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December 8 @ 5:00 pm – 6:30 pm PST
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Many species of wildlife call Stanley Park home in the summer months, spending energy on courtship, mating, producing offspring and parenting. From eagles and barn swallows, to bees and beavers, these creatures are busy breeding in our backyard! Stanley Park Ecology Society’s Conservation Technician, Olga Lansdorp, is lucky to have a front row seat to these activities, as she leads surveys in the Park with the help of many wonderful volunteers. The surveys contribute to a growing set of data about wildlife in the Park, enabling SPES to detect trends in population size and distribution. This presentation will touch on some findings, as well as share stories from the 2021 field season.
*Tickets must be purchased in advance. Fees for this program are based on a sliding scale – you choose what you pay! Your contributions help us bring you more online programs like this one.
**This program will take place on Zoom, so please make sure you have Zoom downloaded well in advance of the webinar. A Zoom link can be found within your confirmation email, and will also be sent out one hour before the start of the program. Only one ticket required per household.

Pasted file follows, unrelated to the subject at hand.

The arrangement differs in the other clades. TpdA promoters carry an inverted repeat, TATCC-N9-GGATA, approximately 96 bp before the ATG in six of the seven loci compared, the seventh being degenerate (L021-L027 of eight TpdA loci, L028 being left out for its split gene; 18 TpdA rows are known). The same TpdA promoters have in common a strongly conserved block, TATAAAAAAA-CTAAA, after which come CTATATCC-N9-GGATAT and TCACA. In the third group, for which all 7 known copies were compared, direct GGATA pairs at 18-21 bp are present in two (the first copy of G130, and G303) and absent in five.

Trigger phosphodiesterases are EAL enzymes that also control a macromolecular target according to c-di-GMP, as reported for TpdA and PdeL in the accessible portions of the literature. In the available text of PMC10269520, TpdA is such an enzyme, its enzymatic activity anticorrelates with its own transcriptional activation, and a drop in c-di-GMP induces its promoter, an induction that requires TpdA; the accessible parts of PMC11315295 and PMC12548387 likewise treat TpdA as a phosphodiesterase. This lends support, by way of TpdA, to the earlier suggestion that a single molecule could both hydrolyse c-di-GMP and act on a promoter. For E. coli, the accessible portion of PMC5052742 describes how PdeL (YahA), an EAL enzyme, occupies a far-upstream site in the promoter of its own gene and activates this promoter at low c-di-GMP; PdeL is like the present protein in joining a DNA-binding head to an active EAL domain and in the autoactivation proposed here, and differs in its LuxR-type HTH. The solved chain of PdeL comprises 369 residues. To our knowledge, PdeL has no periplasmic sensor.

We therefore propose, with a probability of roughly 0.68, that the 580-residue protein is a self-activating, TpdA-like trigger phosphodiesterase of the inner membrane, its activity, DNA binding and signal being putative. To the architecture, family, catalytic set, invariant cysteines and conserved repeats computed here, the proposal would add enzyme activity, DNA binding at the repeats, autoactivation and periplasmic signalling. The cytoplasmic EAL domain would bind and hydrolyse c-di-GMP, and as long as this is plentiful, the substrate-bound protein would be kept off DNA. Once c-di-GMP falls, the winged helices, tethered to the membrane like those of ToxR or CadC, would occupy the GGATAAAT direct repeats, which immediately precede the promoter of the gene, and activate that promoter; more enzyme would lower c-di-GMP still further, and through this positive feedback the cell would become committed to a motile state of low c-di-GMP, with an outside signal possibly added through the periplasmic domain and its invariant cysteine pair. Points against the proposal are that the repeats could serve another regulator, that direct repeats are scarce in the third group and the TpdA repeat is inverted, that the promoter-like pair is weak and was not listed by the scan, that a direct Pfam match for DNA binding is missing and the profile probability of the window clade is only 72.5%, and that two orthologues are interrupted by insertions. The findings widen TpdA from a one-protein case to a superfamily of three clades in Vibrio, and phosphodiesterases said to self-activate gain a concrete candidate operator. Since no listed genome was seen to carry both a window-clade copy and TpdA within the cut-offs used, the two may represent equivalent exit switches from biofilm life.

***This is a pilot program, so at this time we won’t be sharing a recording for this program.
****Program full or you can’t attend this day/time? Sign up here to be notified if this program runs again in the future!
We gratefully acknowledge that the land on which we gather and help steward is the unceded and traditional territories of the xʷməθkwəy̓əm (Musqueam), Skwxwú7mesh (Squamish) Nation, and Səl̓ílwətaʔ/Selilwitulh (Tsleil-Waututh) Nation. Since time immemorial, Coast Salish peoples have lived reciprocally with the land, harvesting and cultivating foods and medicines and practicing ceremony. The abundance of these lands and waters, which enables us to live, work, and play here today, is a result of the past and on-going stewardship and advocacy of the Coast Salish peoples.